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Das Kapital

Karl Marx


Chapter 6: The Sale and Purchase of Labor-Power

Chapter 6: The Sale and Purchase of Labor-Power

Chapter 6: The Sale and Purchase of Labor-Power

Chapter 6: The Sale and Purchase of Labor-Power

Chapter 6: The Sale and Purchase of Labor-Power

Chapter 6: The Sale and Purchase of Labor-Power


Marx here addresses the problem of how money is transformed into capital. He says that he must explain how someone can buy commodities at their value, sell them at their value, and also make a profit. The change in value cannot occur in the money itself, or in the resale of the commodity. Rather, the change must occur in the first act of circulation (Money to Commodity, or M-C). The commodity's use-value must be a source of value whose consumption is a creation of value. This occurs in the case of labor-power.

However, there are necessary social conditions in order for labor-power to be a commodity. First, the individual must be selling his labor-power as a commodity. This means he must own his own person, and he and the owner of money must meet in the marketplace as legal equals. In order to treat his labor as his property, he must be willing to put it at the buyer's disposal. This means that the laborer alienates himself from his labor, in order to claim his rights to it. Second, a person must not be able to sell the commodities that his labor has created. Rather, he must be forced to sell his own labor-power. This will only happen when the laborer does not own the means of production. For example, a person can't make boots without leather. He also can't make boots if he can't afford to buy food until the boots are finished. In these cases, the person will have to sell his labor-power to someone else, who will provide the leather or the food.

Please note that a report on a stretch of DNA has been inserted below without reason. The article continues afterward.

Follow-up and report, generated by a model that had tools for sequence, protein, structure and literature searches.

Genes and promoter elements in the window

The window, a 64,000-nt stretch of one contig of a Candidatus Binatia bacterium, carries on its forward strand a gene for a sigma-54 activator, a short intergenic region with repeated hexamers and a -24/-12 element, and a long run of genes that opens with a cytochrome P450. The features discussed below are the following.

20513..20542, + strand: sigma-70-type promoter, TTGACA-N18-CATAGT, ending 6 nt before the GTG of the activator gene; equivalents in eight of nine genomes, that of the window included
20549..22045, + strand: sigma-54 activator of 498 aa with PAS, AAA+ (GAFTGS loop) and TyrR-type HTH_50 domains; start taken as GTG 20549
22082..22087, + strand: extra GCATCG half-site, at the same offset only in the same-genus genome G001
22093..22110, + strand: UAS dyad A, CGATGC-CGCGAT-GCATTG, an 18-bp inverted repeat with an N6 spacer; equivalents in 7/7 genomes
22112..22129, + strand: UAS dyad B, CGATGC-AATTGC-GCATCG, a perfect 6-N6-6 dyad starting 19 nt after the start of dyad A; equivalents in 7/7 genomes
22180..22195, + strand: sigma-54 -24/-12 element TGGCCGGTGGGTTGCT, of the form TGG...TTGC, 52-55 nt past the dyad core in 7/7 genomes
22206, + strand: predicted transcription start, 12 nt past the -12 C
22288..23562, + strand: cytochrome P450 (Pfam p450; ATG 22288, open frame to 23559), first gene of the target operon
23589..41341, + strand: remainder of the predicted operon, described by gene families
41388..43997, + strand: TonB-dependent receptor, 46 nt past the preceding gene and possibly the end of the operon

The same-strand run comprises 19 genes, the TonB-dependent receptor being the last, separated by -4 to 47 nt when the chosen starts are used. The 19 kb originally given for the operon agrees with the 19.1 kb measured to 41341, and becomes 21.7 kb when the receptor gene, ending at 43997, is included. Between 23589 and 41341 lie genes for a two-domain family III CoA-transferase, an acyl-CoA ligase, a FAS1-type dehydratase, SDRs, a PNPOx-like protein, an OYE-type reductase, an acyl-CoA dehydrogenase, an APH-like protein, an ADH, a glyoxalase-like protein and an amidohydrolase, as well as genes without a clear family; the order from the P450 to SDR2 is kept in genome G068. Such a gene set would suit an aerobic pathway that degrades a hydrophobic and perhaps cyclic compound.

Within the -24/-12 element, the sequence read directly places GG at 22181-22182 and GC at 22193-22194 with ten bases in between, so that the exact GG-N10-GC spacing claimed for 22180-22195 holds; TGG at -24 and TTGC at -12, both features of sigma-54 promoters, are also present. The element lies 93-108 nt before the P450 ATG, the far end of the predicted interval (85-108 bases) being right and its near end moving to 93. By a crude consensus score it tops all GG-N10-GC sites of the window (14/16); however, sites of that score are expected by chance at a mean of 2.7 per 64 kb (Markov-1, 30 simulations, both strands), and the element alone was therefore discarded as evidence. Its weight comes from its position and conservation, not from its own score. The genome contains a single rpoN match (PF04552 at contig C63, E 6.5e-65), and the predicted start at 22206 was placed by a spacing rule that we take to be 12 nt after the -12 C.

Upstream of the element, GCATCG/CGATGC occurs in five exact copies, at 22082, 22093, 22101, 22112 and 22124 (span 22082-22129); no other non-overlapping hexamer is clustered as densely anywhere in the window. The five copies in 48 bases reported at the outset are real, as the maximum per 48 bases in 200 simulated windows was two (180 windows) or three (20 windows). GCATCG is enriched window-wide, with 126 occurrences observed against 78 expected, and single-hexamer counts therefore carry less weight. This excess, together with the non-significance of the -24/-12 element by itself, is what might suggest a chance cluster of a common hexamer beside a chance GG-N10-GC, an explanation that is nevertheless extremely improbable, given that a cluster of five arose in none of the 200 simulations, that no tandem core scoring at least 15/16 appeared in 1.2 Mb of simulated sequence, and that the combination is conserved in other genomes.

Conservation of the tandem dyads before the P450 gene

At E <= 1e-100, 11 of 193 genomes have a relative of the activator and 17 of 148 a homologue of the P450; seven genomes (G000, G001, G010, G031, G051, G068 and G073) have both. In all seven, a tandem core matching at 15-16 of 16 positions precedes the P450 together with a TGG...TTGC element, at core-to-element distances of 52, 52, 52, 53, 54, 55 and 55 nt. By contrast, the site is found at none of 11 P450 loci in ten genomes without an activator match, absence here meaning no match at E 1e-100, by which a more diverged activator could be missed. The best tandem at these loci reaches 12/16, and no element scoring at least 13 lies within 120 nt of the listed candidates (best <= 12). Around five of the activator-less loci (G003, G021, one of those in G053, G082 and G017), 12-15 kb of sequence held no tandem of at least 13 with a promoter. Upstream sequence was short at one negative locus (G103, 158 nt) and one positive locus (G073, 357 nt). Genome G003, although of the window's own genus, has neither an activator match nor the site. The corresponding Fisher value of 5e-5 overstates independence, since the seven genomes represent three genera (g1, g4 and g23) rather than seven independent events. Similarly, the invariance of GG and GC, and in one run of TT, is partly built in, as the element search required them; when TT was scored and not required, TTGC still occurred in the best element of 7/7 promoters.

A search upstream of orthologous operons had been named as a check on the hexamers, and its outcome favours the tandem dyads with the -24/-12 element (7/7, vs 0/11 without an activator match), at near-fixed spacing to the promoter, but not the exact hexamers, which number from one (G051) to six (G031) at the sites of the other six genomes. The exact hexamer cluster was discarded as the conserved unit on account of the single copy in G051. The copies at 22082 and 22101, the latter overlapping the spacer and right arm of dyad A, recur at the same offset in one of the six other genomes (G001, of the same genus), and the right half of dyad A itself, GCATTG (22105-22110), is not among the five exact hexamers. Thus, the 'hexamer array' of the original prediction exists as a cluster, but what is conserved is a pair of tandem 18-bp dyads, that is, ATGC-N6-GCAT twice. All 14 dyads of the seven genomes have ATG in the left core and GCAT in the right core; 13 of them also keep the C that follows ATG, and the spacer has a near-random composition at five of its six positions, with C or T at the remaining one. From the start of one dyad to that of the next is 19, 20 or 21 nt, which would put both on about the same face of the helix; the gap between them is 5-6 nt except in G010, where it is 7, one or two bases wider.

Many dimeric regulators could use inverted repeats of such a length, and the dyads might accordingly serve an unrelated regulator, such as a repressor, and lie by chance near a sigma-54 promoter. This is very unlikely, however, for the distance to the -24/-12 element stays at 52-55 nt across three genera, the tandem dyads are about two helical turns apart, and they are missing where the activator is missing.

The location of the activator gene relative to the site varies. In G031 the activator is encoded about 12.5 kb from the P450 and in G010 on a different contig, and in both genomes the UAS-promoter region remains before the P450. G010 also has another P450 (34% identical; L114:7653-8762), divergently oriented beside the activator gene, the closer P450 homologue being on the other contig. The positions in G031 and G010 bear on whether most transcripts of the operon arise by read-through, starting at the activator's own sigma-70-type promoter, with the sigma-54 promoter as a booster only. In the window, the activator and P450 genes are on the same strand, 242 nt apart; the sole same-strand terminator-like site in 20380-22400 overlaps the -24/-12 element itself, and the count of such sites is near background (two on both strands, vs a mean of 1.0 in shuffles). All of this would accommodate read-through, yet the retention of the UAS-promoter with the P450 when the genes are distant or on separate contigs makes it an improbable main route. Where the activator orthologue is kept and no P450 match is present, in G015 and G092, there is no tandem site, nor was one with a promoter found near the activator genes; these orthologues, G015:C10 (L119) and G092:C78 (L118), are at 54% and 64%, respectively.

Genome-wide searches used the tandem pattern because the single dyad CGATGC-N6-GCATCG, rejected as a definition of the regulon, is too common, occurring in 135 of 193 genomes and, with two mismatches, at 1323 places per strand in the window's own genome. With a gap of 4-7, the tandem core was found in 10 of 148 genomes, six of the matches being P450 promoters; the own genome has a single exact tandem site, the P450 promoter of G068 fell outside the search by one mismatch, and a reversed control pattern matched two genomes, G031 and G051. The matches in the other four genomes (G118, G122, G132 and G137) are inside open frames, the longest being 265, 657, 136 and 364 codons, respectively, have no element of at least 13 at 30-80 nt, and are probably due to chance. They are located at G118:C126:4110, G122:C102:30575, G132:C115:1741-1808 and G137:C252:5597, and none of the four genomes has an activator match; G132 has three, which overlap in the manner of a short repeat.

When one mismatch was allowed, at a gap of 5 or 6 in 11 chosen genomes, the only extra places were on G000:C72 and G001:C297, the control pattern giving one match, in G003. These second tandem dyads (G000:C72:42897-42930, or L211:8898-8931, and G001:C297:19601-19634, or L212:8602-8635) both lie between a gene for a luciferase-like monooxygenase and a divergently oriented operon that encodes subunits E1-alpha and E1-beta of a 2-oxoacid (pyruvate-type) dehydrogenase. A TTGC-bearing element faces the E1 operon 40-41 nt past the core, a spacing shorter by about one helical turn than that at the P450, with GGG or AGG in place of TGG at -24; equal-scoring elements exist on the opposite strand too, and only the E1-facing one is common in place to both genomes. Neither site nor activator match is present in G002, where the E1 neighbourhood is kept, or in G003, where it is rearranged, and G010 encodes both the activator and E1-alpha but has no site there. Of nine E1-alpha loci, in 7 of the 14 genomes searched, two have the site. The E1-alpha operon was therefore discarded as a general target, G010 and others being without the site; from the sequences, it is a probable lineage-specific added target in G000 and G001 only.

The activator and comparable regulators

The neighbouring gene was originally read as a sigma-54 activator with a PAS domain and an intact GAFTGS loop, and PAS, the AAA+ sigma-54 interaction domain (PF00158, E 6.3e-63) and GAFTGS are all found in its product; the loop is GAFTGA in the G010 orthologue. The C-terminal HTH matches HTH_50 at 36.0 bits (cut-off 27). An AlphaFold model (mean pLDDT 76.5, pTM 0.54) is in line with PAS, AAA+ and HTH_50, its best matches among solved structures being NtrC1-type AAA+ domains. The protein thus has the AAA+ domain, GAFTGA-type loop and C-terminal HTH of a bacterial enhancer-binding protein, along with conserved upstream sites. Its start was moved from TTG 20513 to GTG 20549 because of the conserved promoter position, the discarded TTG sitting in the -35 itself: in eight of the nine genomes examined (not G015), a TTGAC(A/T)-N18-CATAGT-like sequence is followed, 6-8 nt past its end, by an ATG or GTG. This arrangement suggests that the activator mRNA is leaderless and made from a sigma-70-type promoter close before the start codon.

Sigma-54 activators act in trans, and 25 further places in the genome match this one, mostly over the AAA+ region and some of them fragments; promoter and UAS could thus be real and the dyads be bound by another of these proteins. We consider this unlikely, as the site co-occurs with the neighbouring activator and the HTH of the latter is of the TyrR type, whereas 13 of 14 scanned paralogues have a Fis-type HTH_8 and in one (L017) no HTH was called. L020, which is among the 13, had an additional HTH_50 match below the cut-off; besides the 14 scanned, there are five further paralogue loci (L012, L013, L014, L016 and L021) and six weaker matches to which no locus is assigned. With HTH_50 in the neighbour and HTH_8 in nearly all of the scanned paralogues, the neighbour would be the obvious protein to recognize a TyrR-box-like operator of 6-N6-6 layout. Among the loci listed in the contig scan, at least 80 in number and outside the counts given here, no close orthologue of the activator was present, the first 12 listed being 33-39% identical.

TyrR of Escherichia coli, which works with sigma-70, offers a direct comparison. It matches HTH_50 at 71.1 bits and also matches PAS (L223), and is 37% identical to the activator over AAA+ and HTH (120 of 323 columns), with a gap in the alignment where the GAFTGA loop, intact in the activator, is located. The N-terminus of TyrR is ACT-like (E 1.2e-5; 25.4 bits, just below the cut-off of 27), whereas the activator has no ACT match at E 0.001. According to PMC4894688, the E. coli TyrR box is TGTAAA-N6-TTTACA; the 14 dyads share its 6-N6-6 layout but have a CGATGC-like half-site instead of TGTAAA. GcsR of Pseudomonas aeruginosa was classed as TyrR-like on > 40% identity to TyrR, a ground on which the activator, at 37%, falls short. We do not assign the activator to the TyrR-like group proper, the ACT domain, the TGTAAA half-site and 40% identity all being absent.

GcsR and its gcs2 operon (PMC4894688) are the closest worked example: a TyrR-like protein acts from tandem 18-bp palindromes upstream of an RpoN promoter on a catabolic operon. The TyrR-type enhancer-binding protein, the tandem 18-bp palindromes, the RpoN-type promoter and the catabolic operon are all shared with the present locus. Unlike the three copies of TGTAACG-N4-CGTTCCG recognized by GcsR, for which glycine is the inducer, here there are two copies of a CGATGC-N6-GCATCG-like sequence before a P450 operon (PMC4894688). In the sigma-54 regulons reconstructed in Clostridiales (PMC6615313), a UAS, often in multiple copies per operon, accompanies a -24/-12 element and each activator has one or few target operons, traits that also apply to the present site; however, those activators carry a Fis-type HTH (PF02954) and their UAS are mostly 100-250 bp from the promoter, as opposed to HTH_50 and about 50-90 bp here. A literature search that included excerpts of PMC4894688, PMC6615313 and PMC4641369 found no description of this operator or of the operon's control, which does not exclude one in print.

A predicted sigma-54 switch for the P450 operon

While Marx will not explore here why it is that some people own money while others only own their own labor-power, he does observe that this situation is not natural. It is "the product of many economic revolutions, of the extinction of a whole series of older formations of social production." Furthermore, the existence of capital is rooted in historical pre-conditions that took all of the world's history to develop. It "announces from the outset a new epoch in the process of social production."

How, then, is labor-power's value determined? Labor-power's value comes from the amount of labor-time needed to produce and reproduce itself. "The value of labor-power is the value of the means of subsistence necessary for the maintenance of its owner." There are therefore historical and moral elements to this definition, because we have to define what subsistence means. The means of subsistence must be paid for by the worker's income. If the price of labor-power falls below the cost of subsistence, then it falls below its value, since the labor-power cannot be maintained at a normal rate.


Marx spends a lot of time discussing the ways in which capitalism is rooted in social institutions. Capitalism is not natural, but rather depends upon social structures, such as property laws. One social factor that is very important for Marx's theory is that the workers don't own the means of production. Because of this, they must sell their labor to others. It is precisely because workers do own their own labor that they are able to give up all claims to it, by selling it as property. As a result, they don't own the commodities they produce; somebody else owns their labor and the products of that labor. The result is that workers become alienated from their labor—they do not control or own what they create. In Marx's framework, labor-power is a commodity in the market. Its value is determined in the same way as for other commodities, and it is used by capitalists as another commodity in the production process.

Marx's labor theory of value becomes very important when looking at the commodity of labor-power. A hammer's value comes from the amount of labor put into it. What, then, is labor-power's value? Marx applies the definition of value—its value is the amount of labor needed to produce and sustain labor-power. Or more simply, it is the amount of labor needed to keep the laborer alive and functioning at his capacity. Let's say that a worker needs $100/week to survive and function. The value of his labor-power is, therefore, $100/week as well. A worker's "price" (his wage) must be at least $100/week in order for the worker to be paid at value. This concept will be very important in later chapters, when Marx will try to show that it is possible to exploit labor.

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